Morses Club has signalled that it could cut compensation payouts to borrowers after it became the latest sub-prime lender to warn that its future is threatened by customer complaints over mis-sold loans.
Provident Financial and Amigo have already caused controversy by using a legal process called a scheme of arrangement to reduce the amount of redress they pay to borrowers who were issued with high-interest loans that they could not afford.
Morses revealed yesterday that it was also hoping to use a scheme — which would allow it to set a deadline for borrowers to submit claims — to draw a line under its compensation crisis.
The London-listed lender to people with weak credit histories gave no details. While it could use its scheme to buy time to pay out redress in full over a number of years, it also could follow Amigo and Provident and use the process to reduce its compensation bill.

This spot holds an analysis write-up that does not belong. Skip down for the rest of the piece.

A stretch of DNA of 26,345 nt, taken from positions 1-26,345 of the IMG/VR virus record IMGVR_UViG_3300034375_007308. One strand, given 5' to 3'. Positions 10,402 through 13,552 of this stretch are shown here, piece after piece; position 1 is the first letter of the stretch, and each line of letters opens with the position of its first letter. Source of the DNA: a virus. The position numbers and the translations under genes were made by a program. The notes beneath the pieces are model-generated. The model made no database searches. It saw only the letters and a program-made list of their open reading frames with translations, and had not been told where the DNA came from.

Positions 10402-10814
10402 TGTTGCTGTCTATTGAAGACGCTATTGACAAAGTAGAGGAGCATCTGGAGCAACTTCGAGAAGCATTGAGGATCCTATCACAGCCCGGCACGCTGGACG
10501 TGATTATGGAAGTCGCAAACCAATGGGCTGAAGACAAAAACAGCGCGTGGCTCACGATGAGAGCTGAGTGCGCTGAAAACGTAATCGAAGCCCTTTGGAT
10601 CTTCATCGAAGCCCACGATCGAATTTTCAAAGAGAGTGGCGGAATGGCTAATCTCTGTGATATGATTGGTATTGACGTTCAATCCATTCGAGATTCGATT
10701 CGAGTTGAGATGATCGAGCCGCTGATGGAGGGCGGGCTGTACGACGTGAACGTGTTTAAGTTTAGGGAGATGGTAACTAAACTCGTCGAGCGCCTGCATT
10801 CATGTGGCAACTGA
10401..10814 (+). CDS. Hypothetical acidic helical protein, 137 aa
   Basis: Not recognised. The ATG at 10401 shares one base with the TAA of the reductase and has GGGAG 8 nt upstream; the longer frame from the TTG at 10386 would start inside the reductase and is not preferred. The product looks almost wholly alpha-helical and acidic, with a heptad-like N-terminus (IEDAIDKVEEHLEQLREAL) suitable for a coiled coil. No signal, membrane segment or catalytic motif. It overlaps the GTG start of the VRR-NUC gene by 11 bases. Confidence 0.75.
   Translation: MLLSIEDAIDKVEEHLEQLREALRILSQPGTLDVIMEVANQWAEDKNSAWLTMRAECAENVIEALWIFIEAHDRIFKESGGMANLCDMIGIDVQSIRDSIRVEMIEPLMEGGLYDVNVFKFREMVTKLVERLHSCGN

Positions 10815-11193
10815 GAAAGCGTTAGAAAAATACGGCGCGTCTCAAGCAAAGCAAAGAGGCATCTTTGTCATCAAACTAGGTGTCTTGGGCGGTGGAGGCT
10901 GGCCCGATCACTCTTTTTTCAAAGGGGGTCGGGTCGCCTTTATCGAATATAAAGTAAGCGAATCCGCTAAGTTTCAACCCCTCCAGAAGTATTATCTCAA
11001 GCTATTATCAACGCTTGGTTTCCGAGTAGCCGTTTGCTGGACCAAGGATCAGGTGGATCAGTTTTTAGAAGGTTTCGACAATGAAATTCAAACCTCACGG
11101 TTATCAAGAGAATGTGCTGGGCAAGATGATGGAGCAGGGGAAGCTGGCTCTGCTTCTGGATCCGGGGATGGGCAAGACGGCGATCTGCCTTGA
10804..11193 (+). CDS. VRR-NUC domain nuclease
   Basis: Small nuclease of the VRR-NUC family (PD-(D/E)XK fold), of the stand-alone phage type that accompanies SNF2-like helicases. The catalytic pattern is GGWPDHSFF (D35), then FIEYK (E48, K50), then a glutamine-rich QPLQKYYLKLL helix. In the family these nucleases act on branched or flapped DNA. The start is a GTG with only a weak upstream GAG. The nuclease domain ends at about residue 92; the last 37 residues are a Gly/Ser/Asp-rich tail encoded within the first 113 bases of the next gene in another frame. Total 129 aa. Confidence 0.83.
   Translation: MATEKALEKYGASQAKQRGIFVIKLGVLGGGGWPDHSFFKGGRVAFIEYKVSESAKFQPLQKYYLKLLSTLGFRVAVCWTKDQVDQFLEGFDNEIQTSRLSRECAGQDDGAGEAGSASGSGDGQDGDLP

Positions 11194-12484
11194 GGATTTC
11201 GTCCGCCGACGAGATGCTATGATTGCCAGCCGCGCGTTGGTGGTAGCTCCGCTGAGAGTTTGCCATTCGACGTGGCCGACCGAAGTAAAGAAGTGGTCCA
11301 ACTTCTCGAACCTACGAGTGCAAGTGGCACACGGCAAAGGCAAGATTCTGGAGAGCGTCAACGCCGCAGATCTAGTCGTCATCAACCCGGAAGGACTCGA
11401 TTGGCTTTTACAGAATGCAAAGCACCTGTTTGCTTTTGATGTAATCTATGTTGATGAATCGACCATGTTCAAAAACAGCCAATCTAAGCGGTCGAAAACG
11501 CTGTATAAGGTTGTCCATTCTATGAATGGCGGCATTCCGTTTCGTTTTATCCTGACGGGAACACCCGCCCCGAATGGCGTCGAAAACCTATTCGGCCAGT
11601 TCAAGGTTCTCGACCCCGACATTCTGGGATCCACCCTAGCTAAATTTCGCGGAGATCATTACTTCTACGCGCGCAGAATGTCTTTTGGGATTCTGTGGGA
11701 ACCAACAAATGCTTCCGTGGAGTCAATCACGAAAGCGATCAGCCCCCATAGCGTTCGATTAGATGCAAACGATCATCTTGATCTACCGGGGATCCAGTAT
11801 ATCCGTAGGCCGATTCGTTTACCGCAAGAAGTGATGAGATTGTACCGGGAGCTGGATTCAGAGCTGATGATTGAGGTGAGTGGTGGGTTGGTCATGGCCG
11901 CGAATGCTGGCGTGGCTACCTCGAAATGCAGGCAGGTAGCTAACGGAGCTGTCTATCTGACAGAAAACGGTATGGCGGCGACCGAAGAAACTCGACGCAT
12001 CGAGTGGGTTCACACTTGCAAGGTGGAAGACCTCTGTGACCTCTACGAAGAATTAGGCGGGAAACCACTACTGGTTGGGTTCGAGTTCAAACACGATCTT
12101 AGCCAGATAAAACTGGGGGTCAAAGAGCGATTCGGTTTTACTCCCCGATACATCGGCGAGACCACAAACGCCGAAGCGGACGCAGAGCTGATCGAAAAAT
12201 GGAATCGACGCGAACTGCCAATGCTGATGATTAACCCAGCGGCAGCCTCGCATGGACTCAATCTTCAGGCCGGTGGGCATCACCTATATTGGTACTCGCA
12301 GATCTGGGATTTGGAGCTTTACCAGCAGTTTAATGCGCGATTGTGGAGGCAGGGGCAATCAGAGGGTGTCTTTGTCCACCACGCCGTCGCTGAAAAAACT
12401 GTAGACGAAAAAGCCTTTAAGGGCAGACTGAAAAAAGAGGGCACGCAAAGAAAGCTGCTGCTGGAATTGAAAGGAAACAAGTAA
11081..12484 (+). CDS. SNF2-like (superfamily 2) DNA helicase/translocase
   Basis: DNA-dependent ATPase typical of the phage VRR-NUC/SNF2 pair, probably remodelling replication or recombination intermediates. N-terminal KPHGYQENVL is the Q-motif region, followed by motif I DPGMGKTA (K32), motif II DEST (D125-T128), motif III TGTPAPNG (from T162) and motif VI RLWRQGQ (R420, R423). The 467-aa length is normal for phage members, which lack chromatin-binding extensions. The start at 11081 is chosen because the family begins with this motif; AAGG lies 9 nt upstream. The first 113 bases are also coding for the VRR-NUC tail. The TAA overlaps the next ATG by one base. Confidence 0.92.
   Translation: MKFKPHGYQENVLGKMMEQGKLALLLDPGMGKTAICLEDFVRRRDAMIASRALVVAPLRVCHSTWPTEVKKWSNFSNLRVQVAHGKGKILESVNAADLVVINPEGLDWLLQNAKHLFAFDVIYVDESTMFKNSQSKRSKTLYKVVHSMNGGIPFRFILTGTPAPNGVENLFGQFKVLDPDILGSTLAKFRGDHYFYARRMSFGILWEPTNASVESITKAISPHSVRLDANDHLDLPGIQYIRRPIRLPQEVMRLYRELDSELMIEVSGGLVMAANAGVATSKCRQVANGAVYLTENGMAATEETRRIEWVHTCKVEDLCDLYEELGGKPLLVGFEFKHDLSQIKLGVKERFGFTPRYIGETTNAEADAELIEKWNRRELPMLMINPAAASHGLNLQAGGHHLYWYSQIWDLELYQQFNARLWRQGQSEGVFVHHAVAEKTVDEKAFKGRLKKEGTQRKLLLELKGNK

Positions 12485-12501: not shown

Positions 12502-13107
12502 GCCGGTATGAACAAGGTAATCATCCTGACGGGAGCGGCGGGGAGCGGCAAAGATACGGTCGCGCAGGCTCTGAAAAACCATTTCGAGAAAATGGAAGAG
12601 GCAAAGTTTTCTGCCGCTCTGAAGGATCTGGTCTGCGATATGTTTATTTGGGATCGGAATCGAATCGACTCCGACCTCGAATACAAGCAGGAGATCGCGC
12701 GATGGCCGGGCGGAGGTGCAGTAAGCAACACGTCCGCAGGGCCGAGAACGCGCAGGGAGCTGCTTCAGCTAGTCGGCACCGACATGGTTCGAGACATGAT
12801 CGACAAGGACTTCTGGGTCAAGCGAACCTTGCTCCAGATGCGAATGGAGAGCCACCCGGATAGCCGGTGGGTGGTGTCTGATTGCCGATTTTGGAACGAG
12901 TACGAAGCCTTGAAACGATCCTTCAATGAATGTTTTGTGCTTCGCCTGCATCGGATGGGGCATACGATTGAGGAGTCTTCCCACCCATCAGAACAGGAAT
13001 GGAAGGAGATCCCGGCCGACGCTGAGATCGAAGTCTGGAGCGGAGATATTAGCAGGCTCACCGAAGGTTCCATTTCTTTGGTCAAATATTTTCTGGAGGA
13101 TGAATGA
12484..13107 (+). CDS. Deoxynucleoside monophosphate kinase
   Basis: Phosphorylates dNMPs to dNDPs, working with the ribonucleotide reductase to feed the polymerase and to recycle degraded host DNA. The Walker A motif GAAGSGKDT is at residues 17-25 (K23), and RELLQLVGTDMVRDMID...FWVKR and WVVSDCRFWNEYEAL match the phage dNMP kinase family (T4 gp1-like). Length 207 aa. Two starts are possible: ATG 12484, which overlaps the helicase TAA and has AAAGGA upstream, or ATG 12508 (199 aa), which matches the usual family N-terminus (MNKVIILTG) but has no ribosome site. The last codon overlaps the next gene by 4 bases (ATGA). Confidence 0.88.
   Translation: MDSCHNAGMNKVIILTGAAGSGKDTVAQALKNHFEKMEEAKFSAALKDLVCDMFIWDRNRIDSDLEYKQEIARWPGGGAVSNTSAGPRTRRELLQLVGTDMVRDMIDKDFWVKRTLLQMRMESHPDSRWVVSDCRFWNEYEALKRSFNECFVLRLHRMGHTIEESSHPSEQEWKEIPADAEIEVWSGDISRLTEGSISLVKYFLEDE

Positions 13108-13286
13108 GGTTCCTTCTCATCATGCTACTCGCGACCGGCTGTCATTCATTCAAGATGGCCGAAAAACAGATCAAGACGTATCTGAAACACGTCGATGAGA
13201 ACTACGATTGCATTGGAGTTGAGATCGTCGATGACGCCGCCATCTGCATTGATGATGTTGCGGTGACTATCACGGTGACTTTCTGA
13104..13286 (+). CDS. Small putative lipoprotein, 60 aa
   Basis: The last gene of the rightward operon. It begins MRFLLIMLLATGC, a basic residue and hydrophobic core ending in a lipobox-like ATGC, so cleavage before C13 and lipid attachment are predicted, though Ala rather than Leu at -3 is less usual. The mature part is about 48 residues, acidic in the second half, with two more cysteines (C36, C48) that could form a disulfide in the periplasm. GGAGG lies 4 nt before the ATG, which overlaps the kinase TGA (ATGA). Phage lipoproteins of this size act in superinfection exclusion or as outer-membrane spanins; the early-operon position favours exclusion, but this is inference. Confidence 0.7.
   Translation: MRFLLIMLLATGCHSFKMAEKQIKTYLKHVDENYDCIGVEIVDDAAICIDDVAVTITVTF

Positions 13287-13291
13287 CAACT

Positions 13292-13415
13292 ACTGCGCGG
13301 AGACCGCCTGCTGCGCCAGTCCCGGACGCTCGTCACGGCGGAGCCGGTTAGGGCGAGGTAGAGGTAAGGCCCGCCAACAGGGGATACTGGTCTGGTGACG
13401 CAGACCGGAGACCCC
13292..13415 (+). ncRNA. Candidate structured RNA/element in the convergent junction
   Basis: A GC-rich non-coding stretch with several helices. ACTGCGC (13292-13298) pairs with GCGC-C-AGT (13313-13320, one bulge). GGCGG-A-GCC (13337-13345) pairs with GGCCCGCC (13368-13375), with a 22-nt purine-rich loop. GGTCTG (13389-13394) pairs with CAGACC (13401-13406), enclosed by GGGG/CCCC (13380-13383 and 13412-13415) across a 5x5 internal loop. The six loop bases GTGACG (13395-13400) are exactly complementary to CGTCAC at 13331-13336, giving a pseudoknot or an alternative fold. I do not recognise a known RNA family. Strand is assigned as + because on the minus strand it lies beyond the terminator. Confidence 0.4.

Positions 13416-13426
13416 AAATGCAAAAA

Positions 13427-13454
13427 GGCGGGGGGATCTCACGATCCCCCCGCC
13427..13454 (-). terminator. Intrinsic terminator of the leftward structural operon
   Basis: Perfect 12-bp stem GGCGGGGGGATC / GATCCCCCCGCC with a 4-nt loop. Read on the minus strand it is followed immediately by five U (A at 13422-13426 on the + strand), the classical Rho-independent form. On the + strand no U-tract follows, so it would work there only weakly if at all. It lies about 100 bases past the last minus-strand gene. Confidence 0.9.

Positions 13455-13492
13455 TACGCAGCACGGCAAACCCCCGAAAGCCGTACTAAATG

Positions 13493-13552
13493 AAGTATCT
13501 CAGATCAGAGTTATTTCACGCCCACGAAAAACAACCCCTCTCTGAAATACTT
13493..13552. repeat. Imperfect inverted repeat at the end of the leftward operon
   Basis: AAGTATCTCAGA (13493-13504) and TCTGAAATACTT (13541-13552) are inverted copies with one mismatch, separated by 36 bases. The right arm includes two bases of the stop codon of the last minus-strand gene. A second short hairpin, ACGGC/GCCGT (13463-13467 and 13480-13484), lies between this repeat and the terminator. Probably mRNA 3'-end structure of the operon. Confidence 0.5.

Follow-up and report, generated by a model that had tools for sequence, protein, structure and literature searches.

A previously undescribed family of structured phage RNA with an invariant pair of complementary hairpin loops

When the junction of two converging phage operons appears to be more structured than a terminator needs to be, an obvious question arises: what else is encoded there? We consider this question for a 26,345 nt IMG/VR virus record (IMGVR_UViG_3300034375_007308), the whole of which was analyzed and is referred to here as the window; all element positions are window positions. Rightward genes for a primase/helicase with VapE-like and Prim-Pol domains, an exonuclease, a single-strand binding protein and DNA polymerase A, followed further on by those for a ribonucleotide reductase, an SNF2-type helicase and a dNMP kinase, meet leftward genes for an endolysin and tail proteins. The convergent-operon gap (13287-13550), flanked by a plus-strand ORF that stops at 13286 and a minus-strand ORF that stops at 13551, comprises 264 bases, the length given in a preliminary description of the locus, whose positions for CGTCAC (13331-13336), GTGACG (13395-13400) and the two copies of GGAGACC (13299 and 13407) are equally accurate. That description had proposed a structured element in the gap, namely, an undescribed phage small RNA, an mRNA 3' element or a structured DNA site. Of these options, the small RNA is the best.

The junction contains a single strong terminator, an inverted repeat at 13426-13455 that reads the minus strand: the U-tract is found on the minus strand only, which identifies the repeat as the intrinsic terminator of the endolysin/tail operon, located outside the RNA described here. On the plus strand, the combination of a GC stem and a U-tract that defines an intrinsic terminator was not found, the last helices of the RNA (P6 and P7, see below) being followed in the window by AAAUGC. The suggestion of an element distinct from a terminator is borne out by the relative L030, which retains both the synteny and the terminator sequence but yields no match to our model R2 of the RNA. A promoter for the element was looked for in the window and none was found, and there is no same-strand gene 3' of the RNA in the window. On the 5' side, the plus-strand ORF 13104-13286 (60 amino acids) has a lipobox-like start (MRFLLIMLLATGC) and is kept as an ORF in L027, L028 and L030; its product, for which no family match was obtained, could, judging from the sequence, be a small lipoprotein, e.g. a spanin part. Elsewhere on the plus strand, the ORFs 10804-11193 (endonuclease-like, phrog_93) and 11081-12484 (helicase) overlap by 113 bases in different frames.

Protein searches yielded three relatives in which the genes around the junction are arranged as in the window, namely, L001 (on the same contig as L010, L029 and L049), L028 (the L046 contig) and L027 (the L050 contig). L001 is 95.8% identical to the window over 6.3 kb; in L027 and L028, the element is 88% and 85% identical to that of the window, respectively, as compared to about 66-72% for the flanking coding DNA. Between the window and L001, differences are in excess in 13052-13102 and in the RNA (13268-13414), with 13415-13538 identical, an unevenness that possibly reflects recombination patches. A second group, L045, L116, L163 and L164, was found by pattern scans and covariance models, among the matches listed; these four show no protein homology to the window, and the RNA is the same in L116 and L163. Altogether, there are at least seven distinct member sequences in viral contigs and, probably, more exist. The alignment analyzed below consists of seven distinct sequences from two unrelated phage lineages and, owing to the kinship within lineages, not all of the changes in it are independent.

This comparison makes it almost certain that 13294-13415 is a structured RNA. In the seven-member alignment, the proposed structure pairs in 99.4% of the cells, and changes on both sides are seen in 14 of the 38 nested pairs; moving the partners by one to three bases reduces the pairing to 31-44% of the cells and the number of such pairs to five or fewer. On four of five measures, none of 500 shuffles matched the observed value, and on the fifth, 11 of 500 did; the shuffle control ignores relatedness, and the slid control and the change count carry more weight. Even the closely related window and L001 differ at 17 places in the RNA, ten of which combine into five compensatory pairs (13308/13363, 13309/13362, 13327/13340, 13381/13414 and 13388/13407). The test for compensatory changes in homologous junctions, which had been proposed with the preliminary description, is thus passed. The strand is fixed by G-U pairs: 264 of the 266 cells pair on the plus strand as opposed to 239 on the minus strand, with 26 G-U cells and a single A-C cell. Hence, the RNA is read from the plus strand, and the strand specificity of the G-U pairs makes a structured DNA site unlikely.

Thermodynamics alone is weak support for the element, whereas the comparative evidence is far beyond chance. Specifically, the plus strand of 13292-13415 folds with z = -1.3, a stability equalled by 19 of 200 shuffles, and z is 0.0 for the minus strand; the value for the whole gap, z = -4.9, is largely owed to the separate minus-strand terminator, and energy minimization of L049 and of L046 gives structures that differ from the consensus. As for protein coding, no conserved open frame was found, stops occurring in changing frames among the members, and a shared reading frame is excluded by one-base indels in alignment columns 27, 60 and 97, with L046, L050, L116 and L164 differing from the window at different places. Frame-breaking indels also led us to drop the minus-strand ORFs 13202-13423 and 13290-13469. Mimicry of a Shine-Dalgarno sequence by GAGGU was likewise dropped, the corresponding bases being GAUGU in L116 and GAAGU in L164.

Sara Williams, who runs the Debt Camel advice blog, said: “The history is that these schemes do cut refunds significantly.”
The company told investors that without a scheme its survival may be in doubt: “Whilst the directors consider that Morses Club has adequate liquidity for the immediate future, they believe that without a potential scheme the level of redress claims could jeopardise the group’s future.”
Any scheme of arrangement would require the backing of the Financial Conduct Authority, the City regulator, as well as Morses’ borrowers and the High Court. The lender said it would explore other options, but added that it was likely that alternative courses of action “would result in those with redress claims receiving considerably lower amounts than they would under the scheme”.
The sub-prime lending industry has been hit by a surge in compensation requests in recent years for mis-selling. Morses has not disclosed how many compensation claims it has received. However, the scale of the problem it faces is clear from the provision it has made for complaints. This stood at £2.4 million in Morses’ half-year results, but it said yesterday it would take an additional provision of about £45 million in its full-year figures.
It warned that its adjusted pre-tax profits for the year to February 26 were likely to be 30 per cent to 40 per cent lower than expectations and it forecast a loss in its 2023 financial year. The barrage of bad news sent its shares down down 42.3 per cent, or 3½p, to 5p.